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1. Cultivation & Harvesting
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2. Preparatory processes
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3. Spinning
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4. Weaving
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5. Finishing
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Spinning
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Image Number: 41
During spinning, the strand of cotton is reduced in thickness in preparation for the final conversion of the fibres into yarn form. This process reduces the strand thickness to the required level, binds the fibres together with twist and winds the yarn onto a suitable package or bobbin. In the 19th and early 20th centuries, yarn was spun either on a ring or mule frame. The mule draws the cotton cord from spindles between rollers of varying speeds, drawing out into an even finer thread, twisted onto 'cops', resulting in yarn - spun thread. A mule of 1,200 spindles could spin around 4,000 miles of yarn a day.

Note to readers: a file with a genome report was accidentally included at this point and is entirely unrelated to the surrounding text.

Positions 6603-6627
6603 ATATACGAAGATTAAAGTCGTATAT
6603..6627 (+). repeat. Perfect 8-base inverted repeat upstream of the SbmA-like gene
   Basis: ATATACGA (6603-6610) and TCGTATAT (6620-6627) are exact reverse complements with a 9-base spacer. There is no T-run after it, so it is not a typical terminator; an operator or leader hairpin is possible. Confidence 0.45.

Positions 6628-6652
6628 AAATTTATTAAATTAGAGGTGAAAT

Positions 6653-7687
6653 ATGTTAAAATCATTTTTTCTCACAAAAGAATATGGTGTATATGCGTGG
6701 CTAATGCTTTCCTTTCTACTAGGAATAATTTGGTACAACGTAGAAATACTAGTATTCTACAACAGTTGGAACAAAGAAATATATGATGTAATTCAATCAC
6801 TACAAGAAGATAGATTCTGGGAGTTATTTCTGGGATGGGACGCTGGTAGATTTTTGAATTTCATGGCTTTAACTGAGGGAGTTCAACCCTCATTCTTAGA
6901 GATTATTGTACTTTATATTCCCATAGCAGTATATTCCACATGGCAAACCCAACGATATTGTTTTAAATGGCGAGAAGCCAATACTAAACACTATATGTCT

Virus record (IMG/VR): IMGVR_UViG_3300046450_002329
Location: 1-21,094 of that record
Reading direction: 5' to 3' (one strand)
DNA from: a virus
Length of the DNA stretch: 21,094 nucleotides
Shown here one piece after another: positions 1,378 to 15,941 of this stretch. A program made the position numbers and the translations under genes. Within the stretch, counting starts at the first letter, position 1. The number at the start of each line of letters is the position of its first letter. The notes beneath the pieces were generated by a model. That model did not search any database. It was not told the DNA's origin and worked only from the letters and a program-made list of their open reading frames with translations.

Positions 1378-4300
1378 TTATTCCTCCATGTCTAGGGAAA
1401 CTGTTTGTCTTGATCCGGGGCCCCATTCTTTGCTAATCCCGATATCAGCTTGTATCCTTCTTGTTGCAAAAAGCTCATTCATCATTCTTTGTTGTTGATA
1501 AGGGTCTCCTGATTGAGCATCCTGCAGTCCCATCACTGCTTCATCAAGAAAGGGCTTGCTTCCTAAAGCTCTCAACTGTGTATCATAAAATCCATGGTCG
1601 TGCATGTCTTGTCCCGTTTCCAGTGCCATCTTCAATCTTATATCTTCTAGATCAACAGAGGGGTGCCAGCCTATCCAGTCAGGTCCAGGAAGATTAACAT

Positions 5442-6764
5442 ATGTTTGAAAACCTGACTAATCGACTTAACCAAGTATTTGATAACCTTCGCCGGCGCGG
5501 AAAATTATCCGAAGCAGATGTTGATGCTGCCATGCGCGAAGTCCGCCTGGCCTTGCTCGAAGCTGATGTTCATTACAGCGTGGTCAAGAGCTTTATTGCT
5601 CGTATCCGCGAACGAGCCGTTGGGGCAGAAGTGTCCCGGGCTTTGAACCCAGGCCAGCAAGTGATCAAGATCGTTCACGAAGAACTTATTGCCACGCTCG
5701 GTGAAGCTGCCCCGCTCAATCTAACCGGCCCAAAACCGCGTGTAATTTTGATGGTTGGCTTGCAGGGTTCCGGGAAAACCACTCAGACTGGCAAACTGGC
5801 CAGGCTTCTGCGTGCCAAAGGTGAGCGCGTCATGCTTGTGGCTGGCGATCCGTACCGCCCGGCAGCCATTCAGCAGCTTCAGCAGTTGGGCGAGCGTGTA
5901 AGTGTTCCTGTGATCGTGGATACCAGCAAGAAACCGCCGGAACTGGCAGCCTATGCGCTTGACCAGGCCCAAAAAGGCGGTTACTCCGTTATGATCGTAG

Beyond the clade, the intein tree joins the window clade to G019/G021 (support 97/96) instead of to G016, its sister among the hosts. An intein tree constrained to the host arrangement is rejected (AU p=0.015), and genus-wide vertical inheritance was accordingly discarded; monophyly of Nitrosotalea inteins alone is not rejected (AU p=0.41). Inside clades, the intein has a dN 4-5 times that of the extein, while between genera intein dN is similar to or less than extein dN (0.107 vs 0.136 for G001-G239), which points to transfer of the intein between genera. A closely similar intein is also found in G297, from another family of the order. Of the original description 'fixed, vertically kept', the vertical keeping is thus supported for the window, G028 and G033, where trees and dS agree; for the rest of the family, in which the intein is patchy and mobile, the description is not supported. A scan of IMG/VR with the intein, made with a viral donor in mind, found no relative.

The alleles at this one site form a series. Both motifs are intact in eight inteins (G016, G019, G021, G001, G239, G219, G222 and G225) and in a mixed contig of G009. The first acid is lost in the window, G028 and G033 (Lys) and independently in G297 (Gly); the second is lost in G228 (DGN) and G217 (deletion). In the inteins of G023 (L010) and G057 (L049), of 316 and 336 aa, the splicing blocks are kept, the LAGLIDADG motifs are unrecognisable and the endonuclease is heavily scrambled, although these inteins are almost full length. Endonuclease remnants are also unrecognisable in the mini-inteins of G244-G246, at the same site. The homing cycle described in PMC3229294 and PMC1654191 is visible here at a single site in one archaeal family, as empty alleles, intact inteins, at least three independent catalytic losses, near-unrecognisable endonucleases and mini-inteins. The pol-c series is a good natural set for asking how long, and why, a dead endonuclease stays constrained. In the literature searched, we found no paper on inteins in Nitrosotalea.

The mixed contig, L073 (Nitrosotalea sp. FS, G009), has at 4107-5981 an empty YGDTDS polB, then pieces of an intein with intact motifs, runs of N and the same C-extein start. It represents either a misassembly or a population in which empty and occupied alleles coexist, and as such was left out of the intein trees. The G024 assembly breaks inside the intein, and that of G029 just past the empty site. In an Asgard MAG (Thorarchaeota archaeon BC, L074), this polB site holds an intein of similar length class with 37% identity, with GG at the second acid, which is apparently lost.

Checking the yarn

Having produced the yarn, it is customary to pass it through a rewinding process to inspect it and remove spinning faults. Also, the individual yarn packages or bobbins will be assembled into larger packages for the next process to remove the need for handling large numbers of smaller yarn quantities and to increase subsequent processing efficiency (some modern spinning techniques avoid this necessity).

Folding and Twisting

One possibility for the yarn, at this stage, is a process known as folding or twisting which twists two or more single yarns together to make plied structures such as sewing threads and industrial yarns.


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View the Spinning collection to find out more >
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Associated Images
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Related Narratives
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Image Number: 2000119
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Image: Bobbins of cotton on a winding machine Image: The Mill Steam Engine at Queen Street Mill, Burnley
Image: a Cylinder Devil machine Image: a Cotton Gin machine
Image: Condenser mule used in the spinning process Image: Plans of machinery used in cotton spinning; the Mule Jenny
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